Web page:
Electromagnetics, 4-5 p.m., 654 Whittemore: "Discretization of Integral Equations for Rough Surface Scattering," by Jakov Toporkov.
Bulletins
Forestry/Wildlife seminar planned
The College of Forestry and Wildlife Resources College-Wide Fall Seminar Series continues on Monday, Nov. 10. Robert Lewis Jr., deputy chief for research and development, USDA Forest Service, will present a seminar on "Responsible Stewardship of our Land and Talents." Seminar begins at 4 p.m. in the Fralin Biotechnology Center auditorium.
Vendor fair on campus November 3
There will be a vendor fair and product exhibit at Squires Commonwealth Ballroom on Monday, Nov. 3 from noon until 3 p.m. There will be representatives from more than 40 companies who provide products and services to Virginia Tech. Included will be suppliers of travel services, office suppliers, furniture, copiers, printing services, media equipment, computers, software and much more.
CEUT sponsors teaching videoconference
The Center for Excellence in Undergraduate Teaching invites all faculty members, administrators, and graduate students to a videoconference conducted by the Virginia Tidewater Consortium for Higher Education and National University Telecom Network.
"How To Become An Oscar-Winning Teacher," featuring Tony Grasha, will be held October 31, 1-3 p.m., in 101 Fralin.
Participants will discover innovative ways to enhance current teaching practices with the strategies contained in OSCAR, a program for principles of active learning. The program will include "hands-on" experience in a variety of active-learning demonstrations, mini-cases, video examples, and checklists. Participants will assess their teaching styles and develop options for improving the teaching-learning process.
For viewing the videoconference from some location other than the Fralin Center, please contact CEUT at 1-9109 or 1-6995 for packets and channel information. No pre-registration is necessary.
Deadline near for CEUT grants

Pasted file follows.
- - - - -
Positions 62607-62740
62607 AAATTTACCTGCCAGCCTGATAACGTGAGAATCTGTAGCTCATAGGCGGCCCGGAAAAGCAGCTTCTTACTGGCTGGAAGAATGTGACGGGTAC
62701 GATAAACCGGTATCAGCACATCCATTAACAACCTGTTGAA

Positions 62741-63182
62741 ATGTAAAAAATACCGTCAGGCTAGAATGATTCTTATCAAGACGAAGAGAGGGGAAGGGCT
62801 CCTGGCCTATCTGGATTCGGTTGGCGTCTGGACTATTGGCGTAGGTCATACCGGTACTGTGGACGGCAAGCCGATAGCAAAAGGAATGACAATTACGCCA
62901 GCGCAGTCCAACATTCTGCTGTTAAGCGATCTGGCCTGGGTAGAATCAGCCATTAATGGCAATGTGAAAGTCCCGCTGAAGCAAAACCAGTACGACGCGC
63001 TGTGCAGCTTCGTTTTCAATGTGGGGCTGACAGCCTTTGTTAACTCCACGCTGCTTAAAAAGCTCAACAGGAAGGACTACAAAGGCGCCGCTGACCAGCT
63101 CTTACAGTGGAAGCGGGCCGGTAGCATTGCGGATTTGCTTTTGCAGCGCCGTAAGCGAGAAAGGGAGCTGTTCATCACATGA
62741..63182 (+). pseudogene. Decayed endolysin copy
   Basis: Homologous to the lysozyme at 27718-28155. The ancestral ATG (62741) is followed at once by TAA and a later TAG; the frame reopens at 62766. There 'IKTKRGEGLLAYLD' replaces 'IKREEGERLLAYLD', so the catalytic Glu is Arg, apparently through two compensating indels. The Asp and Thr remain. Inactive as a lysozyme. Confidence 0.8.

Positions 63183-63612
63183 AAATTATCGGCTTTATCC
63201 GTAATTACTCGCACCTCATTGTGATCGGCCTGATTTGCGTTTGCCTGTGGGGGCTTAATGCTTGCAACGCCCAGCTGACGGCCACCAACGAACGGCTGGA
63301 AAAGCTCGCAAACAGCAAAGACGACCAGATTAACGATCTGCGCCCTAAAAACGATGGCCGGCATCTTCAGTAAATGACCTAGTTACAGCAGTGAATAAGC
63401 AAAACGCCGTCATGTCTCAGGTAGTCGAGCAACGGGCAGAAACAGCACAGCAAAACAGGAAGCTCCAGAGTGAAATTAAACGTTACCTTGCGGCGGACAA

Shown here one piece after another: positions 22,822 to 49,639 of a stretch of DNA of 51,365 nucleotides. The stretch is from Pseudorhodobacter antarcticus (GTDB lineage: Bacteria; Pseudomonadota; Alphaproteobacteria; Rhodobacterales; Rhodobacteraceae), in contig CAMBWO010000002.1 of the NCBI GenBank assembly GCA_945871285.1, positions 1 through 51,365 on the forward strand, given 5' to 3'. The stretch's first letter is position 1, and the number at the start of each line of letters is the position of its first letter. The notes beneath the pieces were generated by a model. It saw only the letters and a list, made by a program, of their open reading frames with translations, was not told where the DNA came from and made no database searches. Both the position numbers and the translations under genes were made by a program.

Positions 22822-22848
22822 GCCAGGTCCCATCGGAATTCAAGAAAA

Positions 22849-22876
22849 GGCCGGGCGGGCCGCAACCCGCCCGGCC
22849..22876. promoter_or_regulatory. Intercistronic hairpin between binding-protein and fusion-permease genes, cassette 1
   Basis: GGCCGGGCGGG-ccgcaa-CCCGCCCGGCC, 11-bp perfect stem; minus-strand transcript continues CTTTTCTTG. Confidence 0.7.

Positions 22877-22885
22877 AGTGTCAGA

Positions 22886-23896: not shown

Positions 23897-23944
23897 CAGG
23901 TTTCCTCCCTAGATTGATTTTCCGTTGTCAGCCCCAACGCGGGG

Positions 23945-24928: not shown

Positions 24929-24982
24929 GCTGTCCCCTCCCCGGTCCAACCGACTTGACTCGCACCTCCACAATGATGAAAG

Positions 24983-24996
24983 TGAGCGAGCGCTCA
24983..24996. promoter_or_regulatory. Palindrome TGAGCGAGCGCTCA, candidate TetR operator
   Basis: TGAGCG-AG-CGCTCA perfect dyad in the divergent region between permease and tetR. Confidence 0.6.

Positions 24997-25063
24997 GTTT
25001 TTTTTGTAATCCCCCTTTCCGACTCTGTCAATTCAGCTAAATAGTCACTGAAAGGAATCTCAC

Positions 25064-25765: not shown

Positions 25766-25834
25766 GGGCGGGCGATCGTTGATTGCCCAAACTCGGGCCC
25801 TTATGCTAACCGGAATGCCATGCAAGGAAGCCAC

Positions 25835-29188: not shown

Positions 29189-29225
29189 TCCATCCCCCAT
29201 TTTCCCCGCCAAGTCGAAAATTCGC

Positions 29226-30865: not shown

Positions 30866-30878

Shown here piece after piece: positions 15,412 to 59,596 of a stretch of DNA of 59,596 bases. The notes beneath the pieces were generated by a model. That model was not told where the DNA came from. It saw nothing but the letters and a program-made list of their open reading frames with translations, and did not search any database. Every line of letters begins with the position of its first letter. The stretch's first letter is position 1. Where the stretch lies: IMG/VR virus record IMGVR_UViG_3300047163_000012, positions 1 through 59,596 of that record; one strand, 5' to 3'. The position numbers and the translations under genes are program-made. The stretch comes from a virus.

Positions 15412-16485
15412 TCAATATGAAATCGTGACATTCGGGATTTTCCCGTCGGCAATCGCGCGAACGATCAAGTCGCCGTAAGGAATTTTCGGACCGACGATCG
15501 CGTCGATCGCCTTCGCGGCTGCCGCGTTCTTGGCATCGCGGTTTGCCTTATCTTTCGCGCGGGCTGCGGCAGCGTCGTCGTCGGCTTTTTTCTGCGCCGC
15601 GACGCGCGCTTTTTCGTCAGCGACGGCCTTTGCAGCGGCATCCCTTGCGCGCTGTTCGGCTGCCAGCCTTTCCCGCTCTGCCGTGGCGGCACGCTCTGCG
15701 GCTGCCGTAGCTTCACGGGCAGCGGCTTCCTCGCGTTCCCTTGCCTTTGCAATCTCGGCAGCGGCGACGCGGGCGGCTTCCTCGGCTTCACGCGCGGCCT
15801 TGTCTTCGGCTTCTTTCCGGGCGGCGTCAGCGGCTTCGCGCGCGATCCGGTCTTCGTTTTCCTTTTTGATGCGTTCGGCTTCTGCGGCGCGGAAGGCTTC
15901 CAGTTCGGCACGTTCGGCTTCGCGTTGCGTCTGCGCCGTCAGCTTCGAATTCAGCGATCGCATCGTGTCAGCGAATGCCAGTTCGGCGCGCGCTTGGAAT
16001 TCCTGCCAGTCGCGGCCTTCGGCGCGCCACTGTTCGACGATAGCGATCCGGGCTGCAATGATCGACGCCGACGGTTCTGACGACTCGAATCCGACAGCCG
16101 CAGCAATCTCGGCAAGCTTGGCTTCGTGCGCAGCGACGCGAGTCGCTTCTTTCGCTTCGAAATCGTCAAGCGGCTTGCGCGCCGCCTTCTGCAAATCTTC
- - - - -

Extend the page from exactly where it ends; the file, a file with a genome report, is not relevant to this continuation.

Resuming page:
Those who are interested in applying for a CEUT grant, should submit your proposals by 5 p.m., Monday, Nov. 3. The grants are awarded to faculty members who conduct research on their teaching, develop new course materials, design new courses, and experiment with instructional methods.
Proposals will be accepted for Teaching-Learning Grants, Teaching-Release Grants, and Summer Faculty Fellows for first summer session.
Grants guidelines may be obtained from the CEUT webpage at www.edtech.vt.edu/ceut/ or from the CEUT office at 1-9109 or 1-6995. If you have questions, please call the office or send e-mail to ceut@vt.edu.
"Cultural Expose" open to public
The Council of International Student Organizations will host the second annual "Cultural Expose" on Saturday, Nov. 1, at 7 p.m. in the Donaldson Brown Center auditorium. Professional music and dance troupes from Africa, Brazil, and Hungary will be featured. Preceding the performance, international student organizations will feature a showcase of their clubs and countries.
The evening is free and open to the public. Call the Cranwell Center at 1-6527 for more information.
Dossier preparation workshop offered
The Academy of Teaching Excellence is sponsoring a Dossier Preparation Workshop on Tuesday, Nov. 4, 3-4 p.m. in 1045 Pamplin. The goal of the workshop is to help those who wish to prepare an effective dossier in support of a candidate for a university teaching position. This year, the workshop will focus less on rules and more on what has made dossiers effective with some illustrative examples. Any issues raised by the participants at the workshop will be addressed. A description of the dossier format can be found on the web at: http://www.edtech.vt.edu/ate/DOSSIER.HTML.
Women Faculty Coffee Hour scheduled
The Organization of Women Faculty Coffee Hour will be held on the first Friday of the month. The next meeting is scheduled for November 7 from 8-9 a.m. at the Mill Mountain Coffee Shop on North Main Street.
The Organization of Women Faculty is a group of women in academic and administrative faculty positions at Virginia Tech. The first Friday monthly coffee hour is a time to network informally and get to know each other. All women faculty members are welcome. For more information, please contact Tamara Kennelly at 1-9214.
Monthly discussions for international women set
International women are invited to take an interactive look at culture shock in America. Each month, international students, faculty and staff members, and spouses will carry on discussions about their integration into American society.
Guest speakers will discuss such topics as "How to Talk with Your Advising Professor," "The Legalities of Working in the U.S. after Graduation," and "Culture Shock in America...Is It Real?"
Gatherings will be held the first Wednesday of every month from noon to 1 p.m., beginning November 5. The first session will be "How to Talk with Your Advising Professor," by Susan Shome.
For more information, please contact the Women's Center at 1-7806 or Cranwell International Center at 1-6527.